[Community Puzzle] Solid Integer

I don’t know which algorithm you used but there are basically two methods for this problem.
I’ll try to explain both by keeping it as vague as possible.

Method 1: You can find your digits from left to right:

Basically every time you increase a digit by 1 it brings 9 * 9 * 9 * … new possibilities (as many factors as the number of following digits). So while you increase your digits you can add powers of 9 to a “control number” and stop when you reach n.
Obviously there are subtleties to take into account but the main idea is here and I think where your numbers come from is pretty self explanatory if you do this method.

So more likely you went for:

Method 2: You can find your digits from right to left

There’s an algorithm that looks like base 9 conversion and you might wonder why it works. Basically a number n converted in base 9 is the (n+1)-th number you can write with only 9 symbols (0-8).
Here you’re looking for the n-th number you can write with only 9 symbols (1-9).
Hence the similarities.
(And it also explains why method 1 looks like this cause base 9 conversion is about “putting as many powers of 9 as you can”.)


Could someone explain what was happening with the last test case?

I solved it by a gimick that I don’t understand (after making a division method for strings because I interpreted “out of memory” as integer overflow for some reason. That wasn’t the problem.)

trying trying trying but i don’t get it! :rage:

The number you must output in the last test takes more than 64 bits.
It’s not really a problem as you find the digits one by one so you can store them in an array for example (I solved the puzzle in C to make sure that it works and it does).

As for the number n, a long long will do, and you can use the required operations on it without overflow.

I presume i’m completely on the wrong way. I always end up on counting upwards and this will eventually end in a timeout. I just can’t find a mathematical solution. :frowning:

Thank you for your suggestion. Some new test cases and validators have been added.

I wrote a program in JavaScript and couldn’t figure out why I was getting
And expected was:
Of course the same program worked just fine when I rewrote it in C#. This will teach me not to be a JS junkie.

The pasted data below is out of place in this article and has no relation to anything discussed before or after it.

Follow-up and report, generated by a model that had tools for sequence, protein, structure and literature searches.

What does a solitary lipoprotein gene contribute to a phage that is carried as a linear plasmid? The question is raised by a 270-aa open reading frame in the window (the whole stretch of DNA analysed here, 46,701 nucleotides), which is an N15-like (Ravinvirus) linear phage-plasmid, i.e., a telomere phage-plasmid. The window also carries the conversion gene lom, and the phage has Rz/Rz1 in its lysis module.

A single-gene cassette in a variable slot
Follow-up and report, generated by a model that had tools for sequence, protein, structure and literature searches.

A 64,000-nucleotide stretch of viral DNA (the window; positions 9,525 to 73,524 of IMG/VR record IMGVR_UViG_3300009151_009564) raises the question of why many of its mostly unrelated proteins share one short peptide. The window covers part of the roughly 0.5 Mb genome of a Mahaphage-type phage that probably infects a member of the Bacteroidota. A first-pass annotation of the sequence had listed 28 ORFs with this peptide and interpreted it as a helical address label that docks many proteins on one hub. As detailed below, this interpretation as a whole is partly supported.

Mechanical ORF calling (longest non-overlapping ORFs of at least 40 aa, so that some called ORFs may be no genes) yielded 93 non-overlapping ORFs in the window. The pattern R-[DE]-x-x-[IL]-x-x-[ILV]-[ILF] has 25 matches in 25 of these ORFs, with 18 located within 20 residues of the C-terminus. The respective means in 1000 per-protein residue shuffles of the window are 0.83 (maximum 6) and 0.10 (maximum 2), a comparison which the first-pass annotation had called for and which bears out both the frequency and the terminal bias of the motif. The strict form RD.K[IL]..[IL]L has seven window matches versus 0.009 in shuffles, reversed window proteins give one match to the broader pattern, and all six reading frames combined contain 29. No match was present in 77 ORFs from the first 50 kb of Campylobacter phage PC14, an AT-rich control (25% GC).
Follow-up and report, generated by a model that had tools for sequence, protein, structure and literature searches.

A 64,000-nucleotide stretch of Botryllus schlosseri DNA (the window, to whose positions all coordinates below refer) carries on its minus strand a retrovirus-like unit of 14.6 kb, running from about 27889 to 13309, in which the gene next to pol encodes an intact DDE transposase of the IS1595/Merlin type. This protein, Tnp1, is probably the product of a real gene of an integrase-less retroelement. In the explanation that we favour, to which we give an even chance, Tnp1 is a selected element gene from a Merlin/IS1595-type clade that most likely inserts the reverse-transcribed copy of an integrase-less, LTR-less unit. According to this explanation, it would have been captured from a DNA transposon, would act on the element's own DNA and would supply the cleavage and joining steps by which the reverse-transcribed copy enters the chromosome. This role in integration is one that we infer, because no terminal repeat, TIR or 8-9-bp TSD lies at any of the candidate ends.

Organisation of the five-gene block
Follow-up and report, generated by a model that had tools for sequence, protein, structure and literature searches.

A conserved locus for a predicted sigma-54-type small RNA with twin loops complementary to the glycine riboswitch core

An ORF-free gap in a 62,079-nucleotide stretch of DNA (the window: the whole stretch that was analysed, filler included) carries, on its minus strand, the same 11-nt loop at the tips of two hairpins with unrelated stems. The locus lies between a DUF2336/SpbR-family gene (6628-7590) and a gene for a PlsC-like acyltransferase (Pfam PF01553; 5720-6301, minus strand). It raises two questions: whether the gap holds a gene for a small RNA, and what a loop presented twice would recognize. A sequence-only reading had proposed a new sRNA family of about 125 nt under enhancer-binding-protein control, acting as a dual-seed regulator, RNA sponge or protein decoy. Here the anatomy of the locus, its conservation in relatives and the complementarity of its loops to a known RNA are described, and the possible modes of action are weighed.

Erf, I’m getting the same problem ! Can’t figure out what makes this result in JavaScript, even with using BigInt instead of Integer.
Does someone have an idea ?

Edit : I found my error. I was doing somewhere in my code BigInt(9 ** myNumber) which produce an integer which is cast to BigInt, so it does nothing. I change it by BigInt(9) ** BigInt(myNumber)

Why 111 is not a solid integer and 121. 111 = 1x10² + 1x10¹ + 1x10⁰ and 121 = 1x10² + 2x10¹ + 1x10⁰, both use 0??
Th for your help.

Hi, 111 is a solid integer, is even the 91th :).


That part I figured out, but for whatever reason i’m off by 1 for 747 and 531441. I get 920 and 900000 instead of 919 and 899999. Any thoughts what does that ? The other small numbers work just fine.

You may consider checking whether any part of your code calculates any remainders which turn out to be zero and become part of your output.

i’ve written two versions of the algorithm. both produce 920 and 9000000. All i’m doing is converting a 9-base number to a 10 base number, right ? no other considerations ?

If it were remainders that I’m dropping, wouldn’t my number be too low ? Mine a 1 too high.

Thanks for the feedback!

You have to consider that the solid integers you output should not contain the digit 0.

oh i see… so for 531441, why is the answer 888889 not 899999.

I feel like there is something fundamental i’m missing.

got it, but why is the answer for n = “4503599627370496” => 23776826742147167. When I do this, I get
21776826742147167. No zeros in the number and only the second digit differs. Both very large numbers have this issue; all the smaller ones work fine. What am i missing ?

Thanks for the thoughts !

ok; got that one too

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Finding this one quite tough. I see the algorithm descriptions here and they make some sense, I’ll have to try again sometime when my brain is not so fried. :tired_face:

I have a brute force solution in place but of course my solution doesn’t finish for the multi-quadrillion+ values within the time constraints. Even with some low-hanging numerical pruning in place it’s not nearly fast enough, at least with Python…

I am not very good at Number Theory but am comfortable with many of its fundamentals. This one feels too much like “figure out this obscure trick in order to calculate faster” to me, but is there one or more concepts that would have helped me figure out a non-brute-force method on my own?

Absolutely no theory needed, knowing the algorithm to convert from base 10 to another base helps but it’s not even necessary.

I think the best way to figure out is to work on an example (say n=100) and try to understand how you could find the digits of the n-th solid number one by one instead of listing all solid numbers.

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Hello guys,
I have solved all of the 9 tests, but for the validator there’s only the 7th (another small validator) that prevent me from getting the 100%.
Do you have any idea, clues ?.. Cause I’m running out of it.
Thanks !